Design & Technology
Design & Technology Intent
‘The curriculum is the means by which we ensure that all our children get their fair share of the rich cultural inheritance our world affords. A good curriculum empowers children with the knowledge they are entitled to: knowledge that will nourish both them and the society of which they are members’ – Clare Sealy
At Hapton School, we will provide our children with irresistible learning experiences that allows them to see the amazing and surprising ways that Design & Technology is used not only in our homes and communities but in the world.
We will ensure that our curriculum meets the needs of our children at Hapton School and gives them the knowledge, skills, attitudes and aspirations in Design & Technology that they can take with them through life. To fulfil our mission statement to provide a vibrant, caring, Christian environment with a happy, friendly and calm atmosphere in which children and staff can live and work together. To always aim for standards of excellence in teaching, learning and caring for each other.
To ensure that each child grows into the best young person he or she is capable of becoming and that each member of staff develops their full professional potential.
For our school to be an extension of good family life and within our 'school family', each unique individual to be respected and valued.
To meet the aims and requirements of the Early Years Statutory Framework and the Programmes of Study in the National Curriculum as outlined here:
The Early Years Statutory Framework
Technology: children recognise that a range of technology is used in places such as homes and schools. They select and use technology for particular purposes.
The National Curriculum for Design & Technology aims to ensure that all pupils in Key Stage 1:
Through a variety of creative and practical activities, be taught the knowledge, understanding and skills needed to engage in an iterative process of designing and making. They should work in a range of relevant context.
When designing and making, pupils should be taught to:
- design purposeful, functional, appealing products for themselves and other users based on design criteria
- generate, develop, model and communicate their ideas through talking, drawing, templates, mock-ups and, where appropriate, information and communication technology
- select from and use a range of tools and equipment to perform practical tasks.
- select from and use a wide range of materials and components, including construction materials, textiles and ingredients, according to their characteristics
- explore and evaluate a range of existing products
- evaluate their ideas and products against design criteria
- build structures, exploring how they can be made stronger, stiffer and more stable
- explore and use mechanisms [for example, levers, sliders, wheels and axles], in their products.
Key stage 2
Through a variety of creative and practical activities, pupils should be taught the knowledge, understanding and skills needed to engage in an iterative process of designing and making. They should work in a range of relevant contexts [for example, the home, school, leisure, culture, enterprise, industry and the wider environment].
When designing and making, pupils should be taught to:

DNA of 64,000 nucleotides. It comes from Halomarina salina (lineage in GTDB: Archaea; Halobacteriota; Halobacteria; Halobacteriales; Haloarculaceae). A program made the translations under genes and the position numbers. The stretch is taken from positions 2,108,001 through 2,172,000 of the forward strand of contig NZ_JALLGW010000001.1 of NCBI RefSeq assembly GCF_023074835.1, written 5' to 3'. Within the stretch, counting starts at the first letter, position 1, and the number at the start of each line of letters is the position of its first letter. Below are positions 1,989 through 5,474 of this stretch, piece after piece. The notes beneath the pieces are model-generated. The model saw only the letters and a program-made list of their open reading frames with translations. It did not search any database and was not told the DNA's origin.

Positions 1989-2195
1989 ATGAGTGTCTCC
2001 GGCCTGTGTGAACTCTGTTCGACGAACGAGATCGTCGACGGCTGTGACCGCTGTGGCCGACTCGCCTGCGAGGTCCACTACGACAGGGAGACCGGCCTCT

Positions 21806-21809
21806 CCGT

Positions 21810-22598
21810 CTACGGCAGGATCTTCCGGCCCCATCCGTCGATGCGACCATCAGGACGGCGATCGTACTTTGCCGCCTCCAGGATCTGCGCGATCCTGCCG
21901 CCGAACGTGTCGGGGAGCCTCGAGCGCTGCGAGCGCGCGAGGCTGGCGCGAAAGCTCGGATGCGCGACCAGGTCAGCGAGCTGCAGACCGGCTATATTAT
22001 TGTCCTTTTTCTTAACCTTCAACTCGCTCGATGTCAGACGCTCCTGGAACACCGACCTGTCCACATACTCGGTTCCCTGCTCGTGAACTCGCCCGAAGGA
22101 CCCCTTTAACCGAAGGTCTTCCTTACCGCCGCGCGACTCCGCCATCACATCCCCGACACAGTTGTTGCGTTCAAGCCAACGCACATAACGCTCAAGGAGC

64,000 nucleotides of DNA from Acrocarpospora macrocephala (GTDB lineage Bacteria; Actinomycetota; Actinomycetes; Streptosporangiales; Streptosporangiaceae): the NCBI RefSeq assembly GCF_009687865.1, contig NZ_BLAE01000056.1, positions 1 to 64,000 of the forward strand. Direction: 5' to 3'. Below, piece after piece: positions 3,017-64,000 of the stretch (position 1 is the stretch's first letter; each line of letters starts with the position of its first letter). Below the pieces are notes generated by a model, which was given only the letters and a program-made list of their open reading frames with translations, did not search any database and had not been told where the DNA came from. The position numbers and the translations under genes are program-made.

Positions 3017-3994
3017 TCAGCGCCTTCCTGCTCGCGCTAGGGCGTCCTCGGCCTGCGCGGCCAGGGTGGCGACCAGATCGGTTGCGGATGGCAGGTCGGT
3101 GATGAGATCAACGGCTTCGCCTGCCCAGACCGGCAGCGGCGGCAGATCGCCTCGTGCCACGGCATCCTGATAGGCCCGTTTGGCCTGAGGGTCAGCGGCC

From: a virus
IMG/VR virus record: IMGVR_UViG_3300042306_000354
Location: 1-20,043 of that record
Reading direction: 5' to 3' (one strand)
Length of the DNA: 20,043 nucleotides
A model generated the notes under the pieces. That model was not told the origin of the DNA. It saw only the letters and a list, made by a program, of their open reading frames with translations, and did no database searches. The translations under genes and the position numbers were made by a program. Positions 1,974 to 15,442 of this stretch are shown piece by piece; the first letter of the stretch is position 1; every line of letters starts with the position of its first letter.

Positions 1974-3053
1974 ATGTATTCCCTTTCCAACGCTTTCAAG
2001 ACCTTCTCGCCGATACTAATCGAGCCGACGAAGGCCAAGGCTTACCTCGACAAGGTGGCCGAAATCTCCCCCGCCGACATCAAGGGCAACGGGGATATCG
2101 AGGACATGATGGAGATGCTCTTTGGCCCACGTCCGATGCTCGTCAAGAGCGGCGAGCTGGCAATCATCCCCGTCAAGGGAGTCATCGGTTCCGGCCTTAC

- use research and develop design criteria to inform the design of innovative, functional, appealing products that are fit for purpose, aimed at particular individuals or groups
- generate, develop, model and communicate their ideas through discussion, annotated sketches, cross-sectional and exploded diagrams, prototypes, pattern pieces and computer-aided design
- select from and use a wider range of tools and equipment to perform practical tasks [for example, cutting, shaping, joining and finishing], accurately
- select from and use a wider range of materials and components, including construction materials, textiles and ingredients, according to their functional properties and aesthetic qualities
- investigate and analyse a range of existing product
- evaluate their ideas and products against their own design criteria and consider the views of others to improve their work
- understand how key events and individuals in design and technology have helped shape the world
- apply their understanding of how to strengthen, stiffen and reinforce more complex structures
- understand and use mechanical systems in their products [for example, gears, pulleys, cams, levers and linkages]
- understand and use electrical systems in their products [for example, series circuits incorporating switches, bulbs, buzzers and motors]
- apply their understanding of computing to program, monitor and control their products.
Currently, the teachers use the Lancashire Planning Documents to support them in breaking down the National Curriculum requirements so that they can plan for units of work in a manageable way. However, in identifying that we want to inspire and equip our children in knowledge and skills, we will develop our curriculum to also meet the specific needs of our children at Hapton School. We will explore how visitors to school can be used to enrich the curriculum and as a staff, we will develop our own knowledge and skills through whole school training and other means of CPD so that we are confident in knowing that we are delivering high quality teaching and learning in Design & Technology.
A love and passion for the subject of Design & Technology will be evident in school through adults and children alike. Design & Technology will be delivered through a curriculum which continues to meet the requirements of the NC but is also developed to fulfil the needs of our children at Hapton School. The teaching of Design & Technology in school will inspire and provide the children with knowledge, understanding and skills that stick with them and that they can take with them throughout their lives.